8. You are right, Mobile is what makes sense for Facebook. But the missing link is this: There needs to be one single Facebook application that will work on every cell phone. Facebook for mobile only realizes it’s full power when I know that all my Facebook friends are mobile too (and not just my Facebook friends who have smart phones.) This will, in fact, be possible before the first day of spring.

  9. @ Michael Martin
    Until devices like the iPhone support apps in the background, I don’t see how these location-based services are going to take off. Please correct me if I’m wrong, but I thought Loopt only works when the people you are looking for are also using Loopt at the exact same time? Well what good is that? What are the chances the one of my friends is going to happen to be in the app at the exact same time that I am? More likely, we’d have to have coordinated it. And if we had to coordinate it, why didn’t we just call or text each other to begin with? When I can be in another app, or when my iPhone is in standby and it beeps and/or vibrates to let me know that a friend is nearby, then this will be useful. Until then, it’ll just be another “oh, cool” feature.

  10. If only the Facebook iphone app were better, though! I constantly have to remind myself to check the full version on my computer for events, groups, sending a message along with a friend request, and some other stuff that it just doesn’t make sense isn’t done better in the iPhone app.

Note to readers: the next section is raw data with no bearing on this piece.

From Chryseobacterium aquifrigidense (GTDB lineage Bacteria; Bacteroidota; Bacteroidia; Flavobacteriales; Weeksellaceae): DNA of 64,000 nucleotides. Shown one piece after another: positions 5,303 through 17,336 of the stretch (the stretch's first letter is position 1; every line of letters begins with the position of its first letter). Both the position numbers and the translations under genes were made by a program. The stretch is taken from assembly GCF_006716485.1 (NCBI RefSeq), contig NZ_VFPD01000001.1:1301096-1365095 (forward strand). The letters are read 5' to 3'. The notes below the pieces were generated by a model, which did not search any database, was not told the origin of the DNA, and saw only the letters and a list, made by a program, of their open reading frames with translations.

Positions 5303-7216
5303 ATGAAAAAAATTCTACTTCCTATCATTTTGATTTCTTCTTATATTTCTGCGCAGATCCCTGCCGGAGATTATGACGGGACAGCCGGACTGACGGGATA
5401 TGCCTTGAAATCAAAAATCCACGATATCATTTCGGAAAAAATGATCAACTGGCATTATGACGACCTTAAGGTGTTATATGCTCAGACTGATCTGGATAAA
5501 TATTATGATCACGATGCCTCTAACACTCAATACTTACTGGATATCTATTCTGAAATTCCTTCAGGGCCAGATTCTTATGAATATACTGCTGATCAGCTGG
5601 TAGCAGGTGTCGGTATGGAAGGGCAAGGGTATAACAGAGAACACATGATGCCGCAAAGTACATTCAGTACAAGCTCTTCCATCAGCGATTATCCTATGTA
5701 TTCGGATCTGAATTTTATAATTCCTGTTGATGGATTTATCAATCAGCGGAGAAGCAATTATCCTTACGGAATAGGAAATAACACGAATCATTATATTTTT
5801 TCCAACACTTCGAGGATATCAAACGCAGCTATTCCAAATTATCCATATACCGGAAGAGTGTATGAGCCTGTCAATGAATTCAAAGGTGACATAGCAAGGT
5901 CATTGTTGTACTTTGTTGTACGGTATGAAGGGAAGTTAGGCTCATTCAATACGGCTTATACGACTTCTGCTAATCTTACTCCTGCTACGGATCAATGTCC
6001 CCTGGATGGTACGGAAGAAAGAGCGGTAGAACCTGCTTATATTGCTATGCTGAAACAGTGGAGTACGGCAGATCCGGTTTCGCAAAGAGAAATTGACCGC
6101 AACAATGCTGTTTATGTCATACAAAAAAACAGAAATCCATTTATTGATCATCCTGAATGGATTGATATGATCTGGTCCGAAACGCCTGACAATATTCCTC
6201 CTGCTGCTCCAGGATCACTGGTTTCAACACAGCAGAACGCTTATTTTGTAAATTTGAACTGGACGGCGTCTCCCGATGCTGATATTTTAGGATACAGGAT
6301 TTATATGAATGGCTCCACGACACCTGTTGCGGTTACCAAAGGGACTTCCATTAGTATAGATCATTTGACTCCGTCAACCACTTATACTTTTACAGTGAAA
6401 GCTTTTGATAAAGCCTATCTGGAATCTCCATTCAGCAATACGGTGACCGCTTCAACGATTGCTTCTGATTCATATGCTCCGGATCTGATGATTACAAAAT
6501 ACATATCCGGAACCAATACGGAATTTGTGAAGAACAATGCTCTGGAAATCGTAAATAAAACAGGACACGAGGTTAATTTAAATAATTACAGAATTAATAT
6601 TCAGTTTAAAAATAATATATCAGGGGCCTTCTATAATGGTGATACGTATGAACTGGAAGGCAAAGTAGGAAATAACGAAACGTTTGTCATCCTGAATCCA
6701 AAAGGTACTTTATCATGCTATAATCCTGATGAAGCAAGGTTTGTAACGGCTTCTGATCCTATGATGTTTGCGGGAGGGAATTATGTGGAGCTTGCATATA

Also, why doesn’t Facebook have a (better-working) version of the FriendSync app, so I can easily call my friends if I have them friended in FB. I see their fear in moving anything out of their proprietary system but the enhanced utility is still meaningful.

  11. I never really used Facebook all that much until I tried out the BlackBerry client. What an epiphany! All of a sudden the whole thing came alive and became very useful. In particular the ability to share the moment instantly with a geo-tagged photo upload is killer. The ability of a mobile client to make a service relevant is even more true of Twitter. After all, unless you’re tweeting on-the-go, the Twitter question should really be “What WERE you doing?